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Michael Phelps, Wally Backman, Ken Caminiti, Kobe Bryant, Terrell Owens, the reports of unsavory behavior are endless, as usual. At least we're not hearing so much about the importance of athletes being role models anymore. Hopefully, our society has finally stopped whuppin' on that there expired equine.
Ten years ago, the role model debate was a hot topic, particularly here at SI For Kids where we had a litmus test for athletes before we admitted them into our pages: a clean record and positive life message. We were quickly down to a pair of backup goaltenders, three utility infielders and a member of the PGA senior tour.
Kids demand that we pack our publication to its steeple with marquee stars, and the necessity of having stars to write about compelled us to mambo around a transgression or two or three as long as they didn't fall into the category of crimes against humanity. I'm not suggesting that SI For Kids has ever been a fumigation enterprise. We do hold miscreant athletes up as a bad sports when appropriate or, in extreme cases, simply ignore them, but sometimes it's hard, as in the case of Bryant, whose sexual assault trial during the Lakers' run to the NBA Finals made him the ultimate wheezing elephant in the corner.
It's hard to believe now, but there was a time when SI For Kids' reputation as a haven of positive publicity attracted athletes who astutely recognized that their images would benefit from our willingness to stick to subjects like their on-field exploits or childhood experiences. I once shared a particularly warm, fuzzy moment at the Continental Airlines Arena in New Jersey with an NBA star who used me as human shield against a pack of newshounds sniffing for quotes about the paternity suit that had been filed against him earlier that day. "Get out of my [ah-HOOG-ah]-in' face!" the star barked at the hounds as he squeezed me tight with his tree-trunk arms. "Only one I'm talkin' to here is my man from Sports for Kids!"
Ah, the days of innocence. Now there is a persistent and pronounced athletic stench coming from the daily police blotter. Many athletes have dropped the charade and we're replacing our demand for exemplary behavior with keeping score of misdeeds and serving them up as amusement. Just look in your local paper for the blotter column or check out Badjocks.com if you've been relaxing under a rock since Nixon (Richard, not Trot) roamed the halls of the White House.
Personally, I think it's a one-way ticket to Disappointment Junction when you expect any prominent stranger to provide a reliable example of how to live -- particularly an athlete. When you mix youth, a free pass on the rules from the time you're in grade school and a mountain of discretionary cash, it's not exactly the optimum recipe for personal and civic responsibility. I've met some fine, classy athletes in my time, but for all I knew they could have gone home, closed the door, put on a coarse gray wig and pulled the wings off bluebottle flies while cackling manically. The inner truth of things is rarely apparent. All you can do is tend your own garden as best you can.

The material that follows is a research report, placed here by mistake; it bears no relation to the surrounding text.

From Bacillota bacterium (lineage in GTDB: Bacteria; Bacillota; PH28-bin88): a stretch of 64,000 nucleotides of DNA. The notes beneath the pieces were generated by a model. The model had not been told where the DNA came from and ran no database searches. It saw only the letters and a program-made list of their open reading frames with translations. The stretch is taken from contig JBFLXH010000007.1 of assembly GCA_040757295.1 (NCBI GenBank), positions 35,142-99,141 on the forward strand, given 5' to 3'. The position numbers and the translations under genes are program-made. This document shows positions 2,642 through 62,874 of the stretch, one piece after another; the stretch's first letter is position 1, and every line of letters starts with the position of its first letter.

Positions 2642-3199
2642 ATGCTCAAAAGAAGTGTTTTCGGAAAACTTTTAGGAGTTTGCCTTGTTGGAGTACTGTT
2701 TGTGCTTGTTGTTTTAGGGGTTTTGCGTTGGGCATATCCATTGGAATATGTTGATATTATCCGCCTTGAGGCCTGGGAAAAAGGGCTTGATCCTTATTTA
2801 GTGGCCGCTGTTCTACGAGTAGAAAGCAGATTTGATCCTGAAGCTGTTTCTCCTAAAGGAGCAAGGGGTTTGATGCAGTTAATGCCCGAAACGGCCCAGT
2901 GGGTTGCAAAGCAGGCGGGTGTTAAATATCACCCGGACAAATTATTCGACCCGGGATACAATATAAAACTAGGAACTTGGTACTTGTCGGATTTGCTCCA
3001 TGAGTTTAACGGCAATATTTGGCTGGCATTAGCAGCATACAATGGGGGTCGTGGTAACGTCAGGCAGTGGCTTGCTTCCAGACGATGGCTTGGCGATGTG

Curious as to how kids view athletes now, I posted yet another of my carefully crafted ultrascientific polls on SIKIDS.com and discovered Twas ever thus:
Do you pretend to be your favorite athlete when you play sports?
Often: 1,528 Once in a while: 1,324 Rarely: 654 Never. My favorite athlete is a stiff: 568
I'm keen on doing another poll to see how many kids look up to athletes with regard to behavior off the field. I'll get back to you shortly, as in under 5 feet.
The Weasel Industries Inc. Old Business Department
Have a question or opinion for John? He might answer or address it in his next blog.
(Ever the cutting edge scribe, I'm now selling naming rights to parts of my column.)
Reader George Ballek of grand old North Brunswick, N.J., mentioned in this space two weeks ago that he'd stumbled upon an English Premier League soccer game between Birmingham and Manchester United and heard an announcer intone that Birmingham had not beaten Man U in 26 years. Jonathan Sacks of Chandler, Ariz., was then moved to write in: The reason why Birmingham has not beaten Manchester United in 26 years is because Birmingham did not even play in the same league as United for much of that time. Only recently was Birmingham promoted to the Premiership, where they play United twice a season.
Well, then, that might explain it.
The First Federal Insecurities Cliché Corner
For those of you who insist on fresh speakin' and writin' from the sportin' media, Jason Cox of Pittsburgh kindly sent along the most recent edition of a brilliant annual column by a Pittsburgh Post-Gazette writer, Gene Collier, who awards the Trite Trophy for worst cliche of the year. Read 'em and weep.
And Glen Carey of New York City submits: Perhaps we can form a petition and send it to the broadcasters demanding the removal of horrible phrases such as "literally." Does no one know what this word means anymore? I heard Dan Deirdorf say that the Chiefs offense was "literally carving up" the Broncos' defense. LITERALLY!?! Oh my Lord, call the cops! The Bronco players are being stabbed to death!!!